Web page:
Tuesday, December 06, 2005

ENV: Mongolian Extinction Crisis

In Mongolia, an 'Extinction Crisis' Looms
By JOHN NOBLE WILFORD, The New York Times, December 6, 2005

ULAN BATOR, Mongolia - On a highway west of this capital, roadside signs advertise marmot, fox and other wildlife, and stacks of skins stand on display. In open markets, traders conduct a gritty commerce in furs and hides, much of it illegal. Similar markets flourish elsewhere in Mongolia, especially along the border with China.

If the good news in Mongolia is the gradual comeback of the Przewalski wild horses, the disturbing news is the diminishing numbers of other wildlife, under relentless siege by overhunting and excessive trade in skins and other animal products.

A new study of wildlife, one of the country's most distinctive resources, has revealed alarming declines in most species, especially in the last 15 years. By some estimates, the populations of endangered species - marmots, argali sheep, antelope, red deer, bears, Asiatic wild asses - have plummeted by 50 to 90 percent.

The only other possible exception to the woeful trend, conservation experts say, is the apparent increase in wolves. That is hardly welcomed by herders. If the animals wolves prey on become scarce, these predators can be expected to become a greater menace to livestock, and there is reported evidence that this is already happening.

"The country is facing a quite extraordinary and unnoticed extinction crisis, or at least the threat of one," said Peter Zahler, assistant director for Asia at the Wildlife Conservation Society in New York.

The conservation society, with financing from the World Bank, conducted the comprehensive study of Mongolia's wildlife and concluded, "There is near unanimous agreement among hunters, traders and biologists in Mongolia that continued wildlife trade at the volumes reported is unsustainable."

In August, biologists, international conservation specialists and Mongolian government officials met here to review the study's findings. Participants, the conservation society reported, cited numerous shortcomings in the laws and the management and enforcement practices that contribute to the problem. They also said that corruption existed "at all management levels."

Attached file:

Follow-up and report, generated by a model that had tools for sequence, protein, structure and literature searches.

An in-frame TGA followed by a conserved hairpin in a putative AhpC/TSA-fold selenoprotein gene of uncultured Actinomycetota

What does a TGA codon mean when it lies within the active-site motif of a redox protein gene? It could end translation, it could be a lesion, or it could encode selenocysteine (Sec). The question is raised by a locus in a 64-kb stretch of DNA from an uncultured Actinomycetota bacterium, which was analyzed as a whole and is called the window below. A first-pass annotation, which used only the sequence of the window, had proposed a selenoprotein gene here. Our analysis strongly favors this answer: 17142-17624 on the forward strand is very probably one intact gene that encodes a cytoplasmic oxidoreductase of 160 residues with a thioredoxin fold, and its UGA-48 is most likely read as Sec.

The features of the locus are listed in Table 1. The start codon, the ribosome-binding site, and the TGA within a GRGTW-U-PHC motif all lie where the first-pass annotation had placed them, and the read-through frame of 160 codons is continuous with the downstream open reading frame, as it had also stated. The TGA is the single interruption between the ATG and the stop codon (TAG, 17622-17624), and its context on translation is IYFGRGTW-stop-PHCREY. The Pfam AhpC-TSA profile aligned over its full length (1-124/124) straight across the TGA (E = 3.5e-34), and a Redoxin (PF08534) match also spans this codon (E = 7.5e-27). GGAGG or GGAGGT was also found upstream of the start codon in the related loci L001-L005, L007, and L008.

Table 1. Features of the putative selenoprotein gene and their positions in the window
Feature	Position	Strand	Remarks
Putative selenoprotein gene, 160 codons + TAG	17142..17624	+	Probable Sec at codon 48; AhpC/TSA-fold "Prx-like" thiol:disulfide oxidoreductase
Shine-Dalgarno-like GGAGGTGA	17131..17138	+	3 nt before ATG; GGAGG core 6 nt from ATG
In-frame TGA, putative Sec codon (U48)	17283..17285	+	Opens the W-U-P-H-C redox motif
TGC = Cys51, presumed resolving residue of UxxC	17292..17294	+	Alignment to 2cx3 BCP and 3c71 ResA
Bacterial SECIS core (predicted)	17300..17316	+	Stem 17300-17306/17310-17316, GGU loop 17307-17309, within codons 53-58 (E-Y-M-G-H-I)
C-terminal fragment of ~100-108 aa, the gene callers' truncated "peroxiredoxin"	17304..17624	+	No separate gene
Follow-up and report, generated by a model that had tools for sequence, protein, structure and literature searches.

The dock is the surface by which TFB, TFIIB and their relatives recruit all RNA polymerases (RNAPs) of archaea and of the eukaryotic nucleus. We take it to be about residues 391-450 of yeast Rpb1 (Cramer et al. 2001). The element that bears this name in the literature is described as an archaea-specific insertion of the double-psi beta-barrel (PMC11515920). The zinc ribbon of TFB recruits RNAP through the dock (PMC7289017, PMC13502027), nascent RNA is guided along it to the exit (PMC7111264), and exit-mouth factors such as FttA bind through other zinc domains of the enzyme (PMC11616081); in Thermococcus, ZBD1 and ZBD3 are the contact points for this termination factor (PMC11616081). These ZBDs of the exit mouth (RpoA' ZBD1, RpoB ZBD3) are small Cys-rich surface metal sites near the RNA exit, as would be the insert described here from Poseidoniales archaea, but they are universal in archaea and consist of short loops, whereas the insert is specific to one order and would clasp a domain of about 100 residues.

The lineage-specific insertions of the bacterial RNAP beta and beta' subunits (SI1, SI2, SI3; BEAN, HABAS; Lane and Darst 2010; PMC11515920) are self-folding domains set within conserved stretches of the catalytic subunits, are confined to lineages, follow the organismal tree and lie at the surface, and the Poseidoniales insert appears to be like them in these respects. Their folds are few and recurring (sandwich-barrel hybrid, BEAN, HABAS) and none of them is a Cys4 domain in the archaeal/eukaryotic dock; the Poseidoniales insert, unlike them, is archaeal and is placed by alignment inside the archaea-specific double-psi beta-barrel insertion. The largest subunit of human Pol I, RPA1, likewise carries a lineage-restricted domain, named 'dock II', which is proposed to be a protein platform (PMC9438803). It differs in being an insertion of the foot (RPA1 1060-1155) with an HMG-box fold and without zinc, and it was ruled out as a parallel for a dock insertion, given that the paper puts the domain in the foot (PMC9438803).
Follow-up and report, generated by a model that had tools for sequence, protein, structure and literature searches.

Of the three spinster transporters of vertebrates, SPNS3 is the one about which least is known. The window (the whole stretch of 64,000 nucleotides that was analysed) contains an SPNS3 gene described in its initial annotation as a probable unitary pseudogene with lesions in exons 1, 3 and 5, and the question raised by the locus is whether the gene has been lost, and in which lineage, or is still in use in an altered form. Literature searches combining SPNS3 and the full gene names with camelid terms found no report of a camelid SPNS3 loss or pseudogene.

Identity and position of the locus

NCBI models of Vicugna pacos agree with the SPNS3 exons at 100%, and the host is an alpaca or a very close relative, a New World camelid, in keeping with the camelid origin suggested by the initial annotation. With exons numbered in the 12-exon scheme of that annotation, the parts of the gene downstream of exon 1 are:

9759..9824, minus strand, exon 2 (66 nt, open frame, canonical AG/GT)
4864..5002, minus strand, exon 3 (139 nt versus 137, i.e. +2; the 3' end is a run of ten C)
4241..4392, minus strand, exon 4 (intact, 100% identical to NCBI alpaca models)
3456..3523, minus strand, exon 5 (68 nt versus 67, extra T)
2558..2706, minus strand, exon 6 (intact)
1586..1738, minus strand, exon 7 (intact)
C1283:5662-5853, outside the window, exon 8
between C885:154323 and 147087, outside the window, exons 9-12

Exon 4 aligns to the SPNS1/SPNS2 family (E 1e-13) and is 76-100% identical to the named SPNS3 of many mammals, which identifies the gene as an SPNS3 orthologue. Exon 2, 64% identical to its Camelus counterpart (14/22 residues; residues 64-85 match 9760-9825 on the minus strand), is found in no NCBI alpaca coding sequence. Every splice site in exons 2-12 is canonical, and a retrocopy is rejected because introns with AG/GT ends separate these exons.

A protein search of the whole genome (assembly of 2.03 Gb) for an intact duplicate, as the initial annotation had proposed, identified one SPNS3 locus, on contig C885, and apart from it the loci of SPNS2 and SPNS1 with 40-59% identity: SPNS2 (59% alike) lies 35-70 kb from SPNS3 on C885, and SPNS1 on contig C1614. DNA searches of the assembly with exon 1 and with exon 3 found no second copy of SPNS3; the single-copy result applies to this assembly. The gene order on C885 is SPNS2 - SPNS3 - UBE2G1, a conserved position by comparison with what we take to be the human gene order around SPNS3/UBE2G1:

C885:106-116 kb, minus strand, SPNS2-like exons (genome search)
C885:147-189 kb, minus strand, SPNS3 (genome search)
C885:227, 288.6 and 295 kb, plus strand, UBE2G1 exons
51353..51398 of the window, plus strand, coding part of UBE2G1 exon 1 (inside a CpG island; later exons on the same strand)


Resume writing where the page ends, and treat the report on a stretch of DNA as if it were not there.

Even though the Mongolian Constitution declares wildlife to be a common resource of the people, the society's investigators found that the government had made only feeble efforts to regulate trade and control hunting.

A draft report of the study, "The Silent Steppe: The Illegal Wildlife Trade Crisis in Mongolia," was circulated recently. It noted that the country's independence from the Soviet Union, in 1990, "was the undoing of Mongolia's century-long effort to control wildlife trade." Once on its own, the country's "economy halved, inflation skyrocketed, incomes fell to near zero and store shelves emptied."

Under the circumstances, the report continued, "virtually everyone was looking for a way out of this sudden poverty and, for many, wildlife, now unprotected, provided the answer." Hunting for subsistence and income increased. Illegal trade in meat and other animal products proliferated.

"Neighboring countries, especially China, have been the happy recipients of this new stream of wildlife product, consuming millions of animals every year and generating uncounted profits," the report said.

The investigators determined that more than 250,000 Mongolians, out of a population of 2.6 million, are active hunters. The wildlife trade is conservatively estimated to exceed $100 million a year, which does not include sales of game meat and traditional medicinal products derived from animals. Nearly all the trade is illegal.

James R. Wingard, a Montana lawyer who specializes in conservation law, spent much of this year directing the study.

He and students at the National University of Mongolia conducted more than 3,000 interviews with hunters, biologists, government officials and wildlife traders, known here as "changers." With Dr. Zahler and other experts, he also examined the available research reports on animal populations, their reproduction and growth rates and the environment's carrying capacities for the individual species.

One morning, Mr. Wingard stopped at several roadside trading establishments outside Ulan Bator. They had large warehouses behind high wooden or concrete fences, but they did not conceal the nature of their business. At one place, a sign with bold black words read like a menu: marmot, goat, cow, horse, deer and fox.

"They know about our project," Mr. Wingard said as he walked over to speak with one trader. "They are very, very open in talking with us. The animals may be illegal to hunt, but once the animal enters the market, there's virtually no control."

Last year, for example, the government imposed a ban on hunting marmot, a rodent with behavior similar to that of prairie dogs and once plentiful in burrows everywhere on the plains and in the hills. Yet marmot fur still shows up on the market, fetching $10 each. The Chinese, Mr. Wingard said, stitch marmot fur in with sable in making what they sell as sable coats.